Joseph Smith was then twenty-three and a half years of age. Oliver Cowdery was about the same. They were young men, and I thought when I was ordained a deacon what a wonderful thing it was that John the Baptist, who was a great man in the New Testament and who lived nearly two thousand years earlier, had come as a resurrected being and that he should address Joseph and Oliver as “my fellow servants.”
Even though he came as a servant of God and acted under the direction of Peter, James, and John, he did not place himself above Joseph and Oliver. He put them on his same level when he addressed them as “my fellow servants.” If they were his fellow servants, then perhaps I, as a twelve-year-old boy, could also be his fellow servant.
He spoke in the name of Messiah, or, as we would say it, “in the name of Jesus Christ.” He set the pattern, and since then, the ordinances which we perform are administered in the name of Jesus Christ. This is something we should never forget, and never overlook, for in the exercise of our priesthood, we are acting in behalf of God our Eternal Father and Jesus Christ, His Son.
In the authority that was John’s, he conferred the Priesthood of Aaron. Why did he use that expression? Who was Aaron?
Aaron was the brother of Moses. He was three years older than Moses. When the Lord called Moses as the leader of the children of Israel while they were in Egypt, Moses protested that he had a stammering tongue and that he was not capable of leadership. The Lord did not accept his excuse, but, rather, He told Moses that he should be the leader and that his brother Aaron should be his voice.
Moses and Aaron went together to ask Pharaoh to let the children of Israel leave Egypt. Pharaoh was angry each time they went. Aaron had a rod, and when he dropped it on the floor before the ruler, it became a serpent.
When the children of Israel eventually fled Egypt under Moses’ leadership, Aaron was his assistant. He was of the tribe of Levi and was given the holy priesthood, with the promise that certain elements of that priesthood should be given to and be exercised by those of his tribe through all of the generations to come. This priesthood, or this lesser portion of the higher priesthood, came to be known as the Aaronic or Levitical Priesthood.
Aaron lived to the good age of 123, and his authority was passed to his son to be passed down through those generations who would be worthy of it.
Now what are the elements of this priesthood which were restored to the earth by John the Baptist?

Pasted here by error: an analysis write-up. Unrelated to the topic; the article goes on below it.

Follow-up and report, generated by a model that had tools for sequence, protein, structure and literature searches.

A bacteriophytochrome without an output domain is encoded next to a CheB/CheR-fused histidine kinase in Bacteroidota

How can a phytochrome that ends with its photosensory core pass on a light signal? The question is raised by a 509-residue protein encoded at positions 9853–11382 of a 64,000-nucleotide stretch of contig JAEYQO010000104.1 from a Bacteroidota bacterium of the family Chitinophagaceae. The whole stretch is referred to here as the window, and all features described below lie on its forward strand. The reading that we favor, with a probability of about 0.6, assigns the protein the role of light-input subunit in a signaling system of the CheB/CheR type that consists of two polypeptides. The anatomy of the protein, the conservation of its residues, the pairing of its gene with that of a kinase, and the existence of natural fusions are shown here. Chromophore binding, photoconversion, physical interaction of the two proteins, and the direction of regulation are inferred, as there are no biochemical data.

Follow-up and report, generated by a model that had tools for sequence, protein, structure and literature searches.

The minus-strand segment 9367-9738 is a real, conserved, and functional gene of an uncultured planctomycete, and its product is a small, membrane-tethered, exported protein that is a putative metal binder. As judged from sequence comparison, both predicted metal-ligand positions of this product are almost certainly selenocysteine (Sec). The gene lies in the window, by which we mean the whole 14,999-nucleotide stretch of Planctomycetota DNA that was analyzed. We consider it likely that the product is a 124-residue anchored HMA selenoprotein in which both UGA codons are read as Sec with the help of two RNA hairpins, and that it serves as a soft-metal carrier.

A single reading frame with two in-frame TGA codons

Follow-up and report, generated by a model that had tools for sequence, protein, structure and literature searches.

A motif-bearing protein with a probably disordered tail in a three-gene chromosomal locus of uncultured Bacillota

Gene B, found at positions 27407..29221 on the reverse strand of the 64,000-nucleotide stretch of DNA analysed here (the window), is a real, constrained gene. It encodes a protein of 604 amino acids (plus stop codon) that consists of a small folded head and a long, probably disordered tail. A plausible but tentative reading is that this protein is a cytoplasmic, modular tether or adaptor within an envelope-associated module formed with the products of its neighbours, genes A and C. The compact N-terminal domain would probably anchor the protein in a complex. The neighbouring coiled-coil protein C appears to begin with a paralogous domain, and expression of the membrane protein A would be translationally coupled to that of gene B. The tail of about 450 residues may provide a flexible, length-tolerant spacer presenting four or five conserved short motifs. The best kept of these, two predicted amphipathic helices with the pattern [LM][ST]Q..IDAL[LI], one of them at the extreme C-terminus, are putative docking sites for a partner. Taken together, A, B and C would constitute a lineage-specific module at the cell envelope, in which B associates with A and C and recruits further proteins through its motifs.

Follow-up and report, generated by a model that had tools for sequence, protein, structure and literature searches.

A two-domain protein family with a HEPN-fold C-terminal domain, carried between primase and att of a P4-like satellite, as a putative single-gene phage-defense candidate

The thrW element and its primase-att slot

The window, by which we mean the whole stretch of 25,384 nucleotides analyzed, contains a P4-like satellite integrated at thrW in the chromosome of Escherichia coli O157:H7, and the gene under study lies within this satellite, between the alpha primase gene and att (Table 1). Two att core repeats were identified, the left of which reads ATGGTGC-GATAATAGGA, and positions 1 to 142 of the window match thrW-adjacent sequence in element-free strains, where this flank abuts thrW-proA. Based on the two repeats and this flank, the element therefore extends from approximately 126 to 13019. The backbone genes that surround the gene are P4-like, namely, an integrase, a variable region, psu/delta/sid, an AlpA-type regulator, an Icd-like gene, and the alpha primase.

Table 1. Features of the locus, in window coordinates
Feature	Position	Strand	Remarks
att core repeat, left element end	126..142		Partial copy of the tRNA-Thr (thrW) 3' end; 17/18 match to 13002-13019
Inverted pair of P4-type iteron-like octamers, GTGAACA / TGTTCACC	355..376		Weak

He said that this priesthood of Aaron “holds the keys of the ministering of angels” (D&C 13:1). It is a tremendous thing to have the right to the ministering of angels.
When President Wilford Woodruff was an elderly man, he said to the young men of the Church:
“I desire to impress upon you the fact that it does not make any difference whether a man is a Priest or an Apostle, if he magnifies his calling. A Priest holds the keys of the ministering of angels. Never in my life, as an Apostle, as a Seventy, or as an Elder, have I ever had more of the protection of the Lord than while holding the office of a Priest. The Lord revealed to me by visions, by revelations, and by the Holy Spirit, many things that lay before me” (Millennial Star, 5 Oct. 1891, p. 629).
On Sunday, February 28, 1897, ninety-one years ago, a great meeting was held here in this Salt Lake Tabernacle. It was to honor President Woodruff on his ninetieth birthday. The Tabernacle was beautifully decorated. There was appropriate music with talks of tribute. Then President Woodruff, old and somewhat crippled, stood to speak, and he said to the young men:
“I have passed through the periods of boyhood, early manhood and old age. I cannot expect to tarry a great while longer with you, but I want to give to you a few words of counsel. You occupy a position in the Church and Kingdom of God and have received the power of the holy priesthood. The God of heaven has appointed you and called you forth in this day and generation. I want you to look at this. Young men, listen to the counsel of your brethren. Live near to God; pray while young; learn to pray; learn to cultivate the Holy Spirit of God; link it to you and it will become a spirit of revelation unto you, inasmuch as you nourish it” (Matthias Cowley, Wilford Woodruff, 2d ed., Salt Lake City: Deseret News, 1916, pp. 602–3).
President Woodruff had an inspired view of this remarkable and wonderful blessing which may be enjoyed by every boy who holds the Aaronic Priesthood and lives worthy of it. That key is the gift of the ministering of angels. I am convinced that the Lord would not have given it to us had he not desired that we have it so that we might enjoy the wonderful gifts, guidance, and protection which come therefrom.